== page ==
Nintendo World Cup Arrange Album
Nintendo World Cup Arrange Album (Nekketsu High School Dodgeball Club Soccer Edition)
June 21, 1990
Buy Used Copy
To me, the Japanese Kunio-kun series has always been 50% action games and 50% sports games. As one of the longest running video game series out there, it really surprises me that the franchise still manages to hold my interest. Each title is always able to bring something new to the table, and I never tire of it. With so many games, there have been several soundtrack releases; and to tie in with Nekketsu Kōkō Dodgeball Bu: Soccer Hen (here to us as Nintendo World Cup), a special album on both cassette tape and compact disc was released containing remixed music by Time in Motions. Does this album bring anything worthwhile?
The original soundtrack to Nintendo World Cup was never long or extravagant to begin with. With this album having a runtime of 40 minutes (no seriously, it’s exactly 40 minutes), I was wondering how the arrangers could take such basic themes and turn it into a full-fledged album. The first track “Hotblooded BAD BOY -Female Vocal Version” automatically screams of 1980s sports music. It’s relentlessly cheesy and sounds like it would fit perfectly with any sports montage. From the 80s styled synth, to the upbeat Japanese vocals, and rocking electric guitar, it’s the perfect opener. I think that it was intentionally made this way in order to match the competitive nature of the Kunio-kun series. If you can tolerate its cheese factor, it definitely is a must-listen and is the stand-out track on this album.
We then get to the bulk of the album with arrangements of the game’s music. “On the Street (Campus Conversation)” has its roots in the bell chimes of the Big Ben clock tower. It takes this basic theme and works with it throughout the track. The added synths and electric guitar again make it feel like a theme straight from the 80s. The interestingly-titled “Copulation (Classroom Conversation)” contains techno-inspired flavorings in its backing and jazzy saxophone solos for its main melody. Unfortunately, I found the overall mixing to be unbalanced. First off, the synth is pretty outdated to say the least. It also drowns out the saxophone, making it way too quiet. “Blue Angel (Title & Select)” is a remixing of the title theme in big band jazz format. The main theme is played on keyboard while synth jazz and hard rock provide extra backing. Just like the original, it’s a fast-paced, blood-pumping track that makes you want to start another intense game of soccer. A very fitting and inspired arrangement.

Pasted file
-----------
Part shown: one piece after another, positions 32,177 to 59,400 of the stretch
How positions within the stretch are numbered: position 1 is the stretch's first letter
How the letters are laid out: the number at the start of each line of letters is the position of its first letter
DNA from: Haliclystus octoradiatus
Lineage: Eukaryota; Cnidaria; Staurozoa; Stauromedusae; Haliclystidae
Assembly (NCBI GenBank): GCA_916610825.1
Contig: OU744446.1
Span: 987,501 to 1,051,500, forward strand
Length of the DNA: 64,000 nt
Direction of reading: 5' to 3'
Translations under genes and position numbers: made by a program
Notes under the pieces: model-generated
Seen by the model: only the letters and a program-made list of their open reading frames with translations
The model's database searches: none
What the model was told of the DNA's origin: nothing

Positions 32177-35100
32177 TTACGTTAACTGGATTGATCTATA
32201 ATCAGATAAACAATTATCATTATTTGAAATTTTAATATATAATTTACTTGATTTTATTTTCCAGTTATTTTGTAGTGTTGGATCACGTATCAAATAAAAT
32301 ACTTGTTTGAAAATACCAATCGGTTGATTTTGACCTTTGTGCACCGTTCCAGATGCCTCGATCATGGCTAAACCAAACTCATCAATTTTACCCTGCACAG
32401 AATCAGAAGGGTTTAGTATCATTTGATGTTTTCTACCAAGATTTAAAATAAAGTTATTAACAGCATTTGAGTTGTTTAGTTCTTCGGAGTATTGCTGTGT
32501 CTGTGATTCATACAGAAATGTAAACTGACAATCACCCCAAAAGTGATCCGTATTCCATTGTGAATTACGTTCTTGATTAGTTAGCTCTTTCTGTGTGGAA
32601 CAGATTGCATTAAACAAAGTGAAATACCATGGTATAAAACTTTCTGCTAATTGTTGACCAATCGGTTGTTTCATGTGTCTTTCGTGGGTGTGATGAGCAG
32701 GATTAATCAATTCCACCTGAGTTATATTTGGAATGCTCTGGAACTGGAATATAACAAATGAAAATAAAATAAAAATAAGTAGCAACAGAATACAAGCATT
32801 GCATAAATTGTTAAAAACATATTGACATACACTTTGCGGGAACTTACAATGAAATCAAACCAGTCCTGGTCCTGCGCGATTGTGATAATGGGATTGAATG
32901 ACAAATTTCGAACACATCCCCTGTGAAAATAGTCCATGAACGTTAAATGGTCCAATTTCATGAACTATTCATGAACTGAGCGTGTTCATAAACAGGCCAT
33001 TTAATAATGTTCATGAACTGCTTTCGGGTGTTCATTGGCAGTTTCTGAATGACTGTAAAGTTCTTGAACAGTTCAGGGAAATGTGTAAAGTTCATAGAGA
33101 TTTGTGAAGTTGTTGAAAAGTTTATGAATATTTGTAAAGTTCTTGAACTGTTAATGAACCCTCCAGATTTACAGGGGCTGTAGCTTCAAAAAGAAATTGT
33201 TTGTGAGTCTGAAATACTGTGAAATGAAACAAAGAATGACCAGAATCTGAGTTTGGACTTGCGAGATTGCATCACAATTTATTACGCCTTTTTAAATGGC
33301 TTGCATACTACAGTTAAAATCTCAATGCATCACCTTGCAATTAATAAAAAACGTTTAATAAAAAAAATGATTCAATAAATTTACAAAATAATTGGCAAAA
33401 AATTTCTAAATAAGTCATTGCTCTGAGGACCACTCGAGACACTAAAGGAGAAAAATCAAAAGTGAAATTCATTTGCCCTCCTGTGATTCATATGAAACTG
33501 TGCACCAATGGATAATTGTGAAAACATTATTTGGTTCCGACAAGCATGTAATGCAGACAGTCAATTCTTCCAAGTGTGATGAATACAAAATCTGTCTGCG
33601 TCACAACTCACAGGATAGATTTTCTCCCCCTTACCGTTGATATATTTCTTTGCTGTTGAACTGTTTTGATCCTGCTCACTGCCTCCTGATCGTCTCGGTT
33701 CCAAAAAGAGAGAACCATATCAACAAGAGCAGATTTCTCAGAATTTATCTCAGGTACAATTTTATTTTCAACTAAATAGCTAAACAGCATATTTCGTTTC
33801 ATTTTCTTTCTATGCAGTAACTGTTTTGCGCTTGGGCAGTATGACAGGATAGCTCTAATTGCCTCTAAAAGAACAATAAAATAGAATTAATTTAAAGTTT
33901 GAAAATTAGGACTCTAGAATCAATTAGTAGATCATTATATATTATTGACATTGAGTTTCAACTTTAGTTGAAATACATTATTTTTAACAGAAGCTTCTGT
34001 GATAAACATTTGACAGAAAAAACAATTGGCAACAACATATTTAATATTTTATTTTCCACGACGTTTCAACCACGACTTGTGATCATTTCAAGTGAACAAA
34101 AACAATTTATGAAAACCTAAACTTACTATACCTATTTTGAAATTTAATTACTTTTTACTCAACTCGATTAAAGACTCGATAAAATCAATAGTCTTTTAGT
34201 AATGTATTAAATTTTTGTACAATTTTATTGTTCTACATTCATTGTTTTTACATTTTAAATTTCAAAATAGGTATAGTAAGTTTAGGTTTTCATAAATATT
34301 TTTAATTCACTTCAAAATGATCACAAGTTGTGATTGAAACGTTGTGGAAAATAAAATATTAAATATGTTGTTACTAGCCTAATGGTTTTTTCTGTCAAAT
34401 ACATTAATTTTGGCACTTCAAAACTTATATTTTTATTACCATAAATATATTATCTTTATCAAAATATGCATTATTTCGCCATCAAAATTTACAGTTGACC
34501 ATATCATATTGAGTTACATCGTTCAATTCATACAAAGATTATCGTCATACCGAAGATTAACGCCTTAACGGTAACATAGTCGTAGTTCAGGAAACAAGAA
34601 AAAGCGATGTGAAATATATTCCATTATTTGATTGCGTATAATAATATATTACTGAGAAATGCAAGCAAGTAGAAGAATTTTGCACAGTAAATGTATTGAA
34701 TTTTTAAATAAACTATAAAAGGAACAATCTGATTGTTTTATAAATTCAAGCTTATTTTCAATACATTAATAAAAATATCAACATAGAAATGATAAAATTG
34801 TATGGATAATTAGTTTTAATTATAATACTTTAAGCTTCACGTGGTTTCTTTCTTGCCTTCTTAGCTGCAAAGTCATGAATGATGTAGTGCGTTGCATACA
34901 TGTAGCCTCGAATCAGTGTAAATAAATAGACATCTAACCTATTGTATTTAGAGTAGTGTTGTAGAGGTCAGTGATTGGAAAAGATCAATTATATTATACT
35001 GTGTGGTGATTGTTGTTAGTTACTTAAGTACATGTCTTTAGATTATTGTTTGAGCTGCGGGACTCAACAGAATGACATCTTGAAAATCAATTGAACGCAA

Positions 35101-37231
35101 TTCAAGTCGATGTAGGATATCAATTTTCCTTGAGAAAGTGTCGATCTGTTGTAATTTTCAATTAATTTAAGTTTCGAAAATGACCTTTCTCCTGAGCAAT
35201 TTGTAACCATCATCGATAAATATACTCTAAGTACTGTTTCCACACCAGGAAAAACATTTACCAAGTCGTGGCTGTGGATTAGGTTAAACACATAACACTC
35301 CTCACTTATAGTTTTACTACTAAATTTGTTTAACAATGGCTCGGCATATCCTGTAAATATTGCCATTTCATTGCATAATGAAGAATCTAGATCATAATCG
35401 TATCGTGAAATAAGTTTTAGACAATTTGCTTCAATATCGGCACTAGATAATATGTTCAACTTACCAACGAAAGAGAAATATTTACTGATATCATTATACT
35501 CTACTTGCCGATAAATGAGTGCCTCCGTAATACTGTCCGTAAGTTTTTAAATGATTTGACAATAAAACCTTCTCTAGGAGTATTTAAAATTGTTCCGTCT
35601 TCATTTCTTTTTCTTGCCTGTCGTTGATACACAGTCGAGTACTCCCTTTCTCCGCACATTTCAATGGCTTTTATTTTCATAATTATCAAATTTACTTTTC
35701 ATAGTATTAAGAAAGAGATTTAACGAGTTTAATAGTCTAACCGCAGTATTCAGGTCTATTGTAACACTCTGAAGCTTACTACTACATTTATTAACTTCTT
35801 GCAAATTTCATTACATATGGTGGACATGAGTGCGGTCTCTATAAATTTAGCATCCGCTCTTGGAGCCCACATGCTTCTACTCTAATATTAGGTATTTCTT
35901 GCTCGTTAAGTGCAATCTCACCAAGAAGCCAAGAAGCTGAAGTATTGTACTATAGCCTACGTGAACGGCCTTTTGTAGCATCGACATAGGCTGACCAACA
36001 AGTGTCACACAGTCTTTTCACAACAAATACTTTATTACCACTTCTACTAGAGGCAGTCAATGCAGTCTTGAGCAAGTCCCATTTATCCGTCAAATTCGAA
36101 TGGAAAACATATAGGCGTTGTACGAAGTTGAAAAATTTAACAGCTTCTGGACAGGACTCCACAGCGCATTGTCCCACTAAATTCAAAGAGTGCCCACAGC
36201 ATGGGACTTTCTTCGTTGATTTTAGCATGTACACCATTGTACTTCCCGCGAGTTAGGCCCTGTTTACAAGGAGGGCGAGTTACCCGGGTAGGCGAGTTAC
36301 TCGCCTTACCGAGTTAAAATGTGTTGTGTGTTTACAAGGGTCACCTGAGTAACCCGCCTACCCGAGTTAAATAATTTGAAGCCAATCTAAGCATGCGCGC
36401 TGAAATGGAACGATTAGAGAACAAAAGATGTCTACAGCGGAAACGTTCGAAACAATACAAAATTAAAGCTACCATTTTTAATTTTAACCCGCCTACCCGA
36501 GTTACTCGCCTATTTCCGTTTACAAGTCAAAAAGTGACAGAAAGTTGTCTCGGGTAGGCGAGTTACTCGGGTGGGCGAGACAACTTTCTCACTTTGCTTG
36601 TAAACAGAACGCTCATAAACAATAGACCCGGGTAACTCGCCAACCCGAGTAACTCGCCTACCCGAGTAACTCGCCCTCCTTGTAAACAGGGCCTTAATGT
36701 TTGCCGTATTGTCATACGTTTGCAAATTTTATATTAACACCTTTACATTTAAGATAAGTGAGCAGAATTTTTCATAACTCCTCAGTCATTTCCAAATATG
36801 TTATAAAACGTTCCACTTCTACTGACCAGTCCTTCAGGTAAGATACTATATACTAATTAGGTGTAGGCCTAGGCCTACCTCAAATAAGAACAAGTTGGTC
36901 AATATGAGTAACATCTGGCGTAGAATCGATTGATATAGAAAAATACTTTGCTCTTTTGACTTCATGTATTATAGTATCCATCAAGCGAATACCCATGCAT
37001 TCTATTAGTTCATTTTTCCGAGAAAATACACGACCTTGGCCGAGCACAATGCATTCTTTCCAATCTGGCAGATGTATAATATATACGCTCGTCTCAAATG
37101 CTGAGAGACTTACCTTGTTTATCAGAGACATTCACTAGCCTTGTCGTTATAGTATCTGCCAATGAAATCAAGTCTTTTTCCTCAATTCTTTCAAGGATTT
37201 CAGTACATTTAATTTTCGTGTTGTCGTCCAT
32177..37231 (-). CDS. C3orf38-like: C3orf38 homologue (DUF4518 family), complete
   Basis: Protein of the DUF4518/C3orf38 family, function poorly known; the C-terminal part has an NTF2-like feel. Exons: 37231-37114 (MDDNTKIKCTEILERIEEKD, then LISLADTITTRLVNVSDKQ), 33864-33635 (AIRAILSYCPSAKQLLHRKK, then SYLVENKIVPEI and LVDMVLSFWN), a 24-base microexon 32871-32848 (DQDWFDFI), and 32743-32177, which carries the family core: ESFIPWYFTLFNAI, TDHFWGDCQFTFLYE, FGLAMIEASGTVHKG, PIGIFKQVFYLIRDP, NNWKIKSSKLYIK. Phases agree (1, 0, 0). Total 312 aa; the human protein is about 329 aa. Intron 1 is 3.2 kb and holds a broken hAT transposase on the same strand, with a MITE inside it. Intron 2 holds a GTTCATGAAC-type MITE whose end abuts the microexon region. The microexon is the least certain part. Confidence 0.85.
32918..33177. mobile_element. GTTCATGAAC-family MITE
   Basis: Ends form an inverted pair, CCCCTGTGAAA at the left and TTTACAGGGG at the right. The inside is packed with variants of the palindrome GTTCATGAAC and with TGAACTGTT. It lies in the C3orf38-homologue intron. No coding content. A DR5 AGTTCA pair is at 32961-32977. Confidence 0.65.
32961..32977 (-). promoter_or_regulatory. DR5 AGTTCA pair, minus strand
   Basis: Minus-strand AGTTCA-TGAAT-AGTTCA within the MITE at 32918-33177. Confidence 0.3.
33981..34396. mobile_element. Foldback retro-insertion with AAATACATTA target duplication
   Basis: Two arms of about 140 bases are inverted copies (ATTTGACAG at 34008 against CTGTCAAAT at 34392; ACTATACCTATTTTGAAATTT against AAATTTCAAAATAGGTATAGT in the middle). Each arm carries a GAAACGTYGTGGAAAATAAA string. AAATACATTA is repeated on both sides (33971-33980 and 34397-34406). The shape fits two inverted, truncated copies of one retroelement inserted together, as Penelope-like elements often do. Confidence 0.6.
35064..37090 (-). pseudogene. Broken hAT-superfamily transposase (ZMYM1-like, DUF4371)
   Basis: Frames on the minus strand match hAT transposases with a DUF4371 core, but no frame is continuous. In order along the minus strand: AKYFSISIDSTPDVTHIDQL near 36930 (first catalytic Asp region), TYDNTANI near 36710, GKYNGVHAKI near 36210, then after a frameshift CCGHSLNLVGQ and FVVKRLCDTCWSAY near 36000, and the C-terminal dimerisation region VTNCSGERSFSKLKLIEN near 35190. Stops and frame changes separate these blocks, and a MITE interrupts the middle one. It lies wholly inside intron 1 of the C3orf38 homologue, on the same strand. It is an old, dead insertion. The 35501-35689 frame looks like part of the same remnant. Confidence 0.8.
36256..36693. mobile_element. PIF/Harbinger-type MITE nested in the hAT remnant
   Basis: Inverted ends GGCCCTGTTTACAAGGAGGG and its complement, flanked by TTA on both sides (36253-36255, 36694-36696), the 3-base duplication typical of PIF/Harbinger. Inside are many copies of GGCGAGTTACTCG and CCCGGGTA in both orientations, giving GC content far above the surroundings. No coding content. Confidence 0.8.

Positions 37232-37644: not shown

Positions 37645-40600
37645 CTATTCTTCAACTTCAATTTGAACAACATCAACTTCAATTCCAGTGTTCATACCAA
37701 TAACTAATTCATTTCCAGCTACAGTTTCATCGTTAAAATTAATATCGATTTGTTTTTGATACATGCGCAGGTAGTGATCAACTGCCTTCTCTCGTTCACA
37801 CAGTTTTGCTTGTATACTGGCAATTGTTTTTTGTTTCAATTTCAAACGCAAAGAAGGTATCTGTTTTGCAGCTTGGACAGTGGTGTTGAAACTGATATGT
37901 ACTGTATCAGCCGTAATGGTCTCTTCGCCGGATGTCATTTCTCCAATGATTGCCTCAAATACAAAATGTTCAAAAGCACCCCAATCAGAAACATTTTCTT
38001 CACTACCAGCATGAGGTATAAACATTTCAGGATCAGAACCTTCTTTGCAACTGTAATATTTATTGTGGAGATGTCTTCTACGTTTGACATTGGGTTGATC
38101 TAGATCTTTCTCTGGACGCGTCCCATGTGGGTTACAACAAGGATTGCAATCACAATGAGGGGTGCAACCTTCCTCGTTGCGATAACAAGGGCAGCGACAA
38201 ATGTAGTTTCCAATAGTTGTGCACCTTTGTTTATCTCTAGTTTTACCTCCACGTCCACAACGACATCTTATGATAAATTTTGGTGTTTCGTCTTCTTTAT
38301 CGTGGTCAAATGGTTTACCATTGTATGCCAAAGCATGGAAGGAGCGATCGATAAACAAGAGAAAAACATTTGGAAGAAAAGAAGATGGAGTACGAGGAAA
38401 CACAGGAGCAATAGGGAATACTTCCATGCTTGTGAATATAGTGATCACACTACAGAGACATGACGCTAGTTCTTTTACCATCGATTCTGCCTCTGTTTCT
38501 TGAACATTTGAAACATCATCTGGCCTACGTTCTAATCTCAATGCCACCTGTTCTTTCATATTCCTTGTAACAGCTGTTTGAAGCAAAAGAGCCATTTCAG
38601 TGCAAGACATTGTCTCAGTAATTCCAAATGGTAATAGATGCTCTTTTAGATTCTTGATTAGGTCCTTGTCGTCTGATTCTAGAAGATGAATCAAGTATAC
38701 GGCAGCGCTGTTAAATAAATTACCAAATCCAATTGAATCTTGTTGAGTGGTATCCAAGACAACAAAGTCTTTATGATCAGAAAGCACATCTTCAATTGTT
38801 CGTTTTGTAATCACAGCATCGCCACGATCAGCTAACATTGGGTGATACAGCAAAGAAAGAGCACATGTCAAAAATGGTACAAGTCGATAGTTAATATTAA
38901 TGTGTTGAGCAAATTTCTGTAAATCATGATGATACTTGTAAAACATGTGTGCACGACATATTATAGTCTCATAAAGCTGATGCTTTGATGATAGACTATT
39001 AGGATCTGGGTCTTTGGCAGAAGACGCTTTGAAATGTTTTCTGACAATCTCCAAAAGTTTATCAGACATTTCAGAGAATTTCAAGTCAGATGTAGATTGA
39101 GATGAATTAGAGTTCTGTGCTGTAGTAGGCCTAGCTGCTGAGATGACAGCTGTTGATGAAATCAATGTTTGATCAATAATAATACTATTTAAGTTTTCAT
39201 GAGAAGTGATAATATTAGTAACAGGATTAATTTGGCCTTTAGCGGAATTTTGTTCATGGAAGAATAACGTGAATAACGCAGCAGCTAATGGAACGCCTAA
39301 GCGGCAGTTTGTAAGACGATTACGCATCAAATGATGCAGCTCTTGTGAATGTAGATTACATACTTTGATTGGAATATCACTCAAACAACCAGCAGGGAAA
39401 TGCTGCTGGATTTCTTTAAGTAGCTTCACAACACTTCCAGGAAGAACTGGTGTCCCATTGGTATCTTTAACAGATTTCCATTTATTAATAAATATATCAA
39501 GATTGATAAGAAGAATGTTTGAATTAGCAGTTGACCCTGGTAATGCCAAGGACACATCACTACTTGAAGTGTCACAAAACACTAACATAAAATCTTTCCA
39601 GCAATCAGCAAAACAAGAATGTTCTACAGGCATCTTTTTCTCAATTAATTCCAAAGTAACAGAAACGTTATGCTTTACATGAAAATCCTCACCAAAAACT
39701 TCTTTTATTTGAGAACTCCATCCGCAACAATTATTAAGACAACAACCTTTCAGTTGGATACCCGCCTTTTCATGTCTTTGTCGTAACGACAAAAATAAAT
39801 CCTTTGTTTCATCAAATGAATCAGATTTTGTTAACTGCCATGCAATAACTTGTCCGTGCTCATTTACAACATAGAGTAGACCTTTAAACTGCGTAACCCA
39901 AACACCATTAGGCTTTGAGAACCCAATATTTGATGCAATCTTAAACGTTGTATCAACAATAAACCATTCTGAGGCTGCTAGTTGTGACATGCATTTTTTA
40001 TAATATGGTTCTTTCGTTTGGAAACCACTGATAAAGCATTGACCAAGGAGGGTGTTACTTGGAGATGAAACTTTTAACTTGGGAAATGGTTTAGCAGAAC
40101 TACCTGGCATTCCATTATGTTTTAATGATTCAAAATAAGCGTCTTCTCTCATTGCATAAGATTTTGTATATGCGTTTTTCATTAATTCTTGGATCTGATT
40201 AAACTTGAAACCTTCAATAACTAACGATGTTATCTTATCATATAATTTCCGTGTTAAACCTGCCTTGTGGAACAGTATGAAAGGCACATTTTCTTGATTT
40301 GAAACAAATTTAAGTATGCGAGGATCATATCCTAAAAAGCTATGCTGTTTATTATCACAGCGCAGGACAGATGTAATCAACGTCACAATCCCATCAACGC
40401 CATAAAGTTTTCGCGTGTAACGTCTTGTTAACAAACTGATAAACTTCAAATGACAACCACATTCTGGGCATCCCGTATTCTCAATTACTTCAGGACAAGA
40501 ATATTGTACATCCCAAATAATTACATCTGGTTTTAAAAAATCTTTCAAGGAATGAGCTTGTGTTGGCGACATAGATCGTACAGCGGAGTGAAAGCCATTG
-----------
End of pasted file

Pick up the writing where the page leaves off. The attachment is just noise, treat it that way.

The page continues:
The original match themes in the game were short and effective tracks that got more intense as the tournament continued. For this album, they have been turned into much longer tracks that can really be listened in any order. “Ego Games (Match Group A)” is a mellow piece that once again relies on 80s synth as its bread and butter. You’ve probably guessed by now, but this is the main style of music on this album. The keyboard and percussion sections added more variety to this track. The use of old school synth continues with the other match themes. “Joy Pop (Match Group B),” like the title perhaps unintentionally implies, is a piece very reminiscent of 1980s pop music. It’s shamelessly retro-inspired and techno, but that isn’t necessarily a bad thing as I enjoyed the upbeat melody. “Turn Over (Match Group C),” while also techno, is more “serious” if lack of a better word. In addition to the main techno synth, there are also electronic blips of sound. While obviously completely synthesized, the mixing is actually quite good and unpredictable.
The weakest of these themes is “Flash (Match Group D),” which I did not enjoy in the slightest. The overall track is very repetitive, no matter how creative they try to be with the mixing. The final match theme “Up Tight (Final Match, Versus Shimanchu Industrial High School)” contains the intense qualities of the original theme, while utilizing the newer techno synth to make the theme upbeat and inspired at the same time. With the final track “Laugh In (Character Introduction),” the album simply just ends, and not very effectively. I didn’t really like the overall melody or the outdated synth. The arrangers should have chosen to make a new version of the game’s ending theme instead.
This album has a lot of good things going for it, but it definitely feels outdated. Whether or not you want this soundtrack depends on if you enjoy 1980s techno-themed music. I enjoyed some of the pieces here, especially the first track, but the rest leaves this album as a mixed bag. This is an album that doesn’t take itself seriously, and instead focuses on more relaxing, upbeat music. Pair this with the full Kunio-kun Music Collection and they both complement each other nicely. However, with this being a much older release, it can be quite difficult to find. Overall, a fun album that contains some winners and some losers.
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Posted on June 30, 2015 by Oliver Jia. Last modified on June 29, 2015.